• Other credit inquiries over the past 6 months

It has an A+ rating with the BBB and has been accredited since 2007.

LendingClub

Apply Now

*referral link

Springleaf Personal Loan

Springleaf offers personal loans ranging from $1,500 to $10,000. You can apply for a secured or unsecured loan. You can also apply online and have a decision within a day.

Springleaf has been around for over 90 years, has an A+ rating with the BBB. It is a brick-and-mortar bank with over 800 branches across 27 states. Unfortunately, that means it’s limited to those with branches nearby, as you need to physically sign for the loan.

Its website has minimal information on APRs, terms, and fees for loans, but from the calculator provided, we know the APR range is 15.99% to 39.99%, and 2 to 5 year terms are offered.

Springleaf also has a track record for working with borrowers who have low credit. You need a minimum credit score of 550 to qualify.

What would an example loan look like? If you borrow $4,000 on a 3 year term, at an interest rate of 30%, your monthly payment will be around $169.81.

You can check to see if Springleaf has a pre-qualified offer for you, as it doesn’t affect your credit score. If you do accept its offer, then a hard credit inquiry occurs.

Springleaf

Apply Now

*referral link

Which Lender is the Best Choice?

It’s largely going to depend on the rates you receive. Luckily, with Avant and LendingClub, you’re able to apply without a hard inquiry on your credit, which allows you to shop around without worry. It’s smart to start with these two lenders and see which of the two offers you better terms.

Here’s a side-by-side comparison of the rates and terms offered by all 3 lenders:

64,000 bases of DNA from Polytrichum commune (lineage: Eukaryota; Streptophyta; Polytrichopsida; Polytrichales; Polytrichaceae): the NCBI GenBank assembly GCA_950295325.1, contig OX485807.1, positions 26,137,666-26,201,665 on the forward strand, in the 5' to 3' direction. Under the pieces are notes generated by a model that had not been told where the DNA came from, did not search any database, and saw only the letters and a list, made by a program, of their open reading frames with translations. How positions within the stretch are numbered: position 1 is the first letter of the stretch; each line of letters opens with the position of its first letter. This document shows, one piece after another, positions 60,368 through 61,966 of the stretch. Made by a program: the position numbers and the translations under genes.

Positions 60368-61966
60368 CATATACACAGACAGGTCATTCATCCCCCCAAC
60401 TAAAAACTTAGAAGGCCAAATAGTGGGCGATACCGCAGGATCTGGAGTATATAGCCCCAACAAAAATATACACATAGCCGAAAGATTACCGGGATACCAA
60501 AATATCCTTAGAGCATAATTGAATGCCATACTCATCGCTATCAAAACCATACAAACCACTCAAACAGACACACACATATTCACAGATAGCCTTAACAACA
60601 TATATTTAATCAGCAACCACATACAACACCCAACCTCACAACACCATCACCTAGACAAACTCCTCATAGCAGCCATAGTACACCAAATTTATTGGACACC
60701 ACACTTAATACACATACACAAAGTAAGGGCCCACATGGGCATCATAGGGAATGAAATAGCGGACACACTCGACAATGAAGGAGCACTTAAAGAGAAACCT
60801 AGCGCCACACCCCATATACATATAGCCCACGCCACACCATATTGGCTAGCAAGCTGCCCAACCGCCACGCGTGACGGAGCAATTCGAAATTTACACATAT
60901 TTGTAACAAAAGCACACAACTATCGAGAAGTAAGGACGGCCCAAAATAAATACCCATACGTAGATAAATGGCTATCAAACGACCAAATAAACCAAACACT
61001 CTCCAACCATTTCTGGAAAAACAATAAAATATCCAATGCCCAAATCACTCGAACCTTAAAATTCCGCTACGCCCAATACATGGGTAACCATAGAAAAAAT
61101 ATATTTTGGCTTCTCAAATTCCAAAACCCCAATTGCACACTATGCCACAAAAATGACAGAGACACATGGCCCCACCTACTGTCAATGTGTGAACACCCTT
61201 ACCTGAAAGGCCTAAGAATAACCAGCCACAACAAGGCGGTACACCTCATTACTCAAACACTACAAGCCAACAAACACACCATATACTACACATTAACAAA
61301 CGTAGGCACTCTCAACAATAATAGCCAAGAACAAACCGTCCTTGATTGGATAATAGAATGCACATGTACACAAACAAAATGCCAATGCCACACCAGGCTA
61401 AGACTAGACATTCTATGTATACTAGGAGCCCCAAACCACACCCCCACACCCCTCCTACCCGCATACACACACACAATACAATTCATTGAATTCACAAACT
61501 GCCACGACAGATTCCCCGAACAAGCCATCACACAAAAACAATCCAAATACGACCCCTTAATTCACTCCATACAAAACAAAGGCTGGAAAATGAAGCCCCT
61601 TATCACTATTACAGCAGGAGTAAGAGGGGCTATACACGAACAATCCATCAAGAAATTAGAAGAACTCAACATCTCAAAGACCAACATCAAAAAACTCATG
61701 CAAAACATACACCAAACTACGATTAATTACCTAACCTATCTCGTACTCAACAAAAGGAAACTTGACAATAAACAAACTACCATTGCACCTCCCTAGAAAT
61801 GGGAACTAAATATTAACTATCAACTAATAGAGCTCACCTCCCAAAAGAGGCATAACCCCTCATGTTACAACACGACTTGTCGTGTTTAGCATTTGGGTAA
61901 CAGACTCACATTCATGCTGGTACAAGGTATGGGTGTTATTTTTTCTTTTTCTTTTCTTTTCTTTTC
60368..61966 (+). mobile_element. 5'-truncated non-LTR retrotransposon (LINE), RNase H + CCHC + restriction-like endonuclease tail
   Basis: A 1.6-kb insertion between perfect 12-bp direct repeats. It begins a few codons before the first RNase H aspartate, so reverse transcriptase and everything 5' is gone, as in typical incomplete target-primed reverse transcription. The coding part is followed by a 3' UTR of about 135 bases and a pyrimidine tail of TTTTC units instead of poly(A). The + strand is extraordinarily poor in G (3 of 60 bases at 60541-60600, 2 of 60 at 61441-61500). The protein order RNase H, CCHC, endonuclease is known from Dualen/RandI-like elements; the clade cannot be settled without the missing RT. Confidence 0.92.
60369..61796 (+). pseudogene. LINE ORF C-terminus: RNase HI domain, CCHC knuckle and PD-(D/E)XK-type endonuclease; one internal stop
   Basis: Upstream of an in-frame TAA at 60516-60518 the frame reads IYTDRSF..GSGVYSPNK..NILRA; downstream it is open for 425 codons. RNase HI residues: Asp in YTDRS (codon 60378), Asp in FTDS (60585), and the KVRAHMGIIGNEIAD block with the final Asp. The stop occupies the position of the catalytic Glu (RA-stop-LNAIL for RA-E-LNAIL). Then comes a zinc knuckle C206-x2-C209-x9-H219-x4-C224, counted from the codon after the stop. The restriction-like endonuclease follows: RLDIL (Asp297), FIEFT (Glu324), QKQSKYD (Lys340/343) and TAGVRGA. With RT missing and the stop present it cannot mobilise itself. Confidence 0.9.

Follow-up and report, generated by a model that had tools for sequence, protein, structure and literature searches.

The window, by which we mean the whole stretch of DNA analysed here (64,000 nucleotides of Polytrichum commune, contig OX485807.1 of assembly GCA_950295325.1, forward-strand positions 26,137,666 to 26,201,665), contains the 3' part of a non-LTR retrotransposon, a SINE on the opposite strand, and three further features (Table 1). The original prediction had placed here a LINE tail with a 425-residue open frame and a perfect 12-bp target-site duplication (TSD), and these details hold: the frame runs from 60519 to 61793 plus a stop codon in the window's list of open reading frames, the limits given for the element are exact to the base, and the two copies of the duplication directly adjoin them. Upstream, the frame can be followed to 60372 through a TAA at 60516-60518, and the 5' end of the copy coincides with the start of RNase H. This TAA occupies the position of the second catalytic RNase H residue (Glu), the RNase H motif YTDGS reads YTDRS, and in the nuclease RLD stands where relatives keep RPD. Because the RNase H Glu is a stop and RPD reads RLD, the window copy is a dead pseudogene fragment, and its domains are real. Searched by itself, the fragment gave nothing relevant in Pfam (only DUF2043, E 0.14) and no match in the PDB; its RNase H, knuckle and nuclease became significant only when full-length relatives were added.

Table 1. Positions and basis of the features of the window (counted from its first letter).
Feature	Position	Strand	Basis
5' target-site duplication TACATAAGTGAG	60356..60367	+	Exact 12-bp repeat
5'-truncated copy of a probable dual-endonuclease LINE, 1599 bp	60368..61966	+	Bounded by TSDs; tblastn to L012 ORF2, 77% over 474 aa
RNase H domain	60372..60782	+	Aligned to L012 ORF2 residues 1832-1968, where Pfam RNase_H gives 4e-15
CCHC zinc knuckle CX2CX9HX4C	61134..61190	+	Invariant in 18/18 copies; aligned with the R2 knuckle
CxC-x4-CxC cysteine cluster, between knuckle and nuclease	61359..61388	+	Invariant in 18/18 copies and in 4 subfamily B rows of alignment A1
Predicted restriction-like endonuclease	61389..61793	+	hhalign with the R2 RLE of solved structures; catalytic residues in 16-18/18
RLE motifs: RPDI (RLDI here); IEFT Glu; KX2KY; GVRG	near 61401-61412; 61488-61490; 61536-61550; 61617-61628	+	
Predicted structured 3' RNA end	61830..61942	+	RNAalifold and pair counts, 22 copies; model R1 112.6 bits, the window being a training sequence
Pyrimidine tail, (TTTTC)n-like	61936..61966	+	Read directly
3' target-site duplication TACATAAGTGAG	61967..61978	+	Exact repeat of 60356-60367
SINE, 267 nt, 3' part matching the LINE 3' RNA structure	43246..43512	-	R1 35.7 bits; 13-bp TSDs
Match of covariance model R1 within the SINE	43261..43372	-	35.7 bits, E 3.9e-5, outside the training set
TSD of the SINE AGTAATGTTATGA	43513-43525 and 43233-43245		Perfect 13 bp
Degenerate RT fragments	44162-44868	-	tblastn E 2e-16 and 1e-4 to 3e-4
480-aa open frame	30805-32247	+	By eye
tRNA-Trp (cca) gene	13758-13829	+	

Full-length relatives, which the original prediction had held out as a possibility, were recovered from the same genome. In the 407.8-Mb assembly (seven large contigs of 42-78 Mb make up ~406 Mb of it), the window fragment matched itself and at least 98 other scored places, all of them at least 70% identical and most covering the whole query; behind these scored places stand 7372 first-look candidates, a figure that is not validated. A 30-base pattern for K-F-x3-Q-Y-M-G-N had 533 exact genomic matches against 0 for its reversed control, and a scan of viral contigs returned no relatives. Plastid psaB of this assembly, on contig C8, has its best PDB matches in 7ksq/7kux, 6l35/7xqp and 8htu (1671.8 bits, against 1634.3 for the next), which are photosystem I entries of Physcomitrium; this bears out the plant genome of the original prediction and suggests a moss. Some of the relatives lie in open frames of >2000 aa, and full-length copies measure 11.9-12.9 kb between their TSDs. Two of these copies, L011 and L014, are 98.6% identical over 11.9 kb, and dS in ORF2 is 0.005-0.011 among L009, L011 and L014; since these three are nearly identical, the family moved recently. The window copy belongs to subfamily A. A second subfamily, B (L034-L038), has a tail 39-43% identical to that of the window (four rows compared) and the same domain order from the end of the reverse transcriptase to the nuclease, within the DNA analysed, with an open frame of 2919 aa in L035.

Criteria Springleaf Avant LendingClub
Amount Borrowed Up to $10,000 Up to $35,000 Up to $40,000
APR Range 15.99% – 39.99% 9.95%-35.99% 5.99% -35.89%
Length of Loan Up to 5 years Up to 5 years Up to 5 years
Min. Credit Score 550 580 600

Your best option is to shop around. You can apply to LendingClub, Prosper and Avant without hurting your score. We recommend you start there first.

If you need the money today and live near a Springleaf branch, that is your best option. But if you can wait a day, Avant is able to get the funds to you in one business day.

Customize your personal loan offers with comparison tool

We’ll receive a referral fee if you click on the “Apply Now” buttons in this post. This does not impact our rankings or recommendations You can learn more about how our site is financed here.

Erin Millard
Erin Millard |

Erin Millard is a writer at MagnifyMoney. You can email Erin at erinm@magnifymoney.com

TAGS: , , , ,

Get A Pre-Approved Personal Loan

$

Won’t impact your credit score

Advertiser Disclosure

Building Credit, Pay Down My Debt

Looking For A Credit Card With Bad Credit?

The editorial content on this page is not provided by any financial institution and has not been reviewed, approved or otherwise endorsed by any of these entities.

howtobuildcredithistory-lg

If you have a bad credit score, it can be very difficult to get approved for a credit card or a loan. And even if you are approved, you will end up paying significantly higher interest rates. If you’re looking for a credit card with bad credit, this guide will help you understand:

  1. Is your credit really that bad?
  2. What is the best option to get approved now?
  3. Which companies should you avoid?
  4. How can you build your credit score so that you qualify for the best deals in the future?

The rest of this guide will help you understand other options to build your credit or get access to credit now.

1. Is Your Credit Really That Bad?

In order to be approved for a good credit card or loan offer, you typically need to have:

  • A 650 FICO score or higher: If you obtain your credit score from free sites like CreditKarma, you are receiving your VantageScore. The ranges on the VantageScore are similar to your FICO score and also give a good indication of your chance of being approved.
  • A debt-to-income ratio of less than 40% to 50%: That means all of your credit bureau debt (mortgage payment, auto payment, credit card payments and any other debt on your credit report) can not be more than 40% of your monthly paycheck (that’s *before* taxes get taken out).